Review Summary: Bernard Butler was hailed as the best British guitarist since Johnny Marr. This fractured yet entertaining debut solo release from the former Suede man went some way in backing up such bold claims.
Brit-Pop was hardly a fertile breeding ground for the guitar hero. There is no doubt that many of the bands who rode the cynical marketing vehicle entitled 'Cool Britannia' could serve up a catchy tune or two, but guitar histrionics seldom took centre stage. One of the rare exceptions to this was Suede guitarist Bernard Butler who built up a reputation as one of the most capable and original lead guitarists to hit the UK scene since Johnny Marr. After featuring on the first two Suede albums, Butler became disillusioned with the constraints imposed on him within the band and broke off to record his first solo album 'People Move On'.
Butler's influences are quite obvious in some places on this album. It has been well documented that Johnny Marr was one of his heroes and the Marr influences were evident in his melodic rhythmic style on the first couple of Suede albums. He has stated that his method was similair to Marr in that he tried to distill complex layers of guitar parts down into a single part meaty enough to be effective on stage for a solo guitarist. This approach is evident on some of the more upbeat offerings on this record but listening to the opener 'Woman I Know' it appears that he wanted to make an immediate statement that he was well and truly 'post-Suede'. This ardent bluesy number pays homage to Peter Green era Fleetwood Mac and is quite unlike anything you would expect Butler to come up with when you consider his musical output up to that point. His impeccable tone and phrasing on the guitar lift the song as it floats along in a dreamy haze of restrained soulfulness. In a similar vein the extended track 'Autograph' greets the listener with a wash of slowburn emotion and serves up a showcase for Butler's blistering heavily tremeloed leads. Butler went on record in 2009 to blast reforming Brit-Pop and indie bands and stated that he was "obsessively opposed to nostalgia." Maybe he had forgotten some of the retro flavoured offerings on this solo debut when he made that statement but when they are delivered with such style it's easy to forgive the man his flirtation with hypocrisy.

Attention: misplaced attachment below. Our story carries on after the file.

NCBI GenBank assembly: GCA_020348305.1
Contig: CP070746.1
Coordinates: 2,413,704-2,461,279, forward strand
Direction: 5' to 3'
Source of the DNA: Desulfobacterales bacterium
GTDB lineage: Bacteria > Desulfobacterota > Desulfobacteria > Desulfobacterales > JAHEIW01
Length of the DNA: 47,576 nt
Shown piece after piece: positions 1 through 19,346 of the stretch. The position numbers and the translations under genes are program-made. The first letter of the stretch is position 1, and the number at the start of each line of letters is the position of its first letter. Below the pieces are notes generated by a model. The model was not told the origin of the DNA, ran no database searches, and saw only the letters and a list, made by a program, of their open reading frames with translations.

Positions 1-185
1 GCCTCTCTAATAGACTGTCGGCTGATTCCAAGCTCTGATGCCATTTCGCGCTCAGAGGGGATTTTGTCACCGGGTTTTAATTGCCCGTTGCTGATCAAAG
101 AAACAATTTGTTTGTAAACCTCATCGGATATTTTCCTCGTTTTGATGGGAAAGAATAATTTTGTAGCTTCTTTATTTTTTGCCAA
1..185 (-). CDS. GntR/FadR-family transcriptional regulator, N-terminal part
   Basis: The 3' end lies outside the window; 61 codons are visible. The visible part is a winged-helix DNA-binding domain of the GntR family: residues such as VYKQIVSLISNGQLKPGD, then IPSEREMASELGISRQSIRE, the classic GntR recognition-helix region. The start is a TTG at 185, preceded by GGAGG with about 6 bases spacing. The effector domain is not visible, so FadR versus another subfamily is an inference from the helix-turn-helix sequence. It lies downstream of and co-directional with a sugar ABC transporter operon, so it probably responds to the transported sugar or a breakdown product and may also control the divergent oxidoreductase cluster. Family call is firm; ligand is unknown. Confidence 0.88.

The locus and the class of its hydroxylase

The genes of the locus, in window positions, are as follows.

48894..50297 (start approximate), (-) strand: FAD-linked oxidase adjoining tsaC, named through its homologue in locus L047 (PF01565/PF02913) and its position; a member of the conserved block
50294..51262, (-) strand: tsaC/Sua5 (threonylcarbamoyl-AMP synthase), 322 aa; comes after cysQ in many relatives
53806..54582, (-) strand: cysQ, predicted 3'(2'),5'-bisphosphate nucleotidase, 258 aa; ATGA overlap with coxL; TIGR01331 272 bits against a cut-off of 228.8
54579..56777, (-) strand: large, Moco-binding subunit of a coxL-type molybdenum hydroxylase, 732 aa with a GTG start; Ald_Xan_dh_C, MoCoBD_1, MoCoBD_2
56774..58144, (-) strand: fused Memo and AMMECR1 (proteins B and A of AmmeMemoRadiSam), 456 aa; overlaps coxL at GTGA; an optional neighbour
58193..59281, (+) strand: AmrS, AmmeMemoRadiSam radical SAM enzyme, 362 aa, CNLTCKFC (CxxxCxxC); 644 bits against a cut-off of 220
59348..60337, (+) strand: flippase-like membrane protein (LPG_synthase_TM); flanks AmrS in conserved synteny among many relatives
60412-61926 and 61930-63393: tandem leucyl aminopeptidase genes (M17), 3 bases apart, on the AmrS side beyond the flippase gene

There is little doubt as to Butler's prowess on the guitar but unfortunately his vocal delivery can be somewhat underwhelming at times. His breathy style suits the more low key offerings but when things are taken up a notch, as on one of the rockier tracks such as 'You Just Know', Butler struggles to cope and his delivery comes across with a thin and wailing timbre. Thankfully the almost ever present passionate guitar breaks and twangy fills go some way to paper over the cracks. Almost inevitably there are a number of tracks which fall squarely into the Brit-Pop camp and the jewel of these is definitely the Oasis busting 'Not Alone'. The song is archetypal of the genre with its string-section-in-a-bottle, hummable chorus and forthright delivery but Butler's pulsating lead breaks ride the ponderous melody and elevate proceedings beyond the confines of its familiar structure.
Butler had probably kept a lot of these songs in his personal closet for a while during his time with Suede and as such the approach varies quite noticeably from track to track. The lurch in styles can feel quite stark at times as we move from soulful blues to acoustic balladry and then on to hit-single Brit-Pop sugar. This reduces the album to merely a collection of songs with no coherent direction but as a showcase for Butler's considerable fretboard talents it stands up extremely well.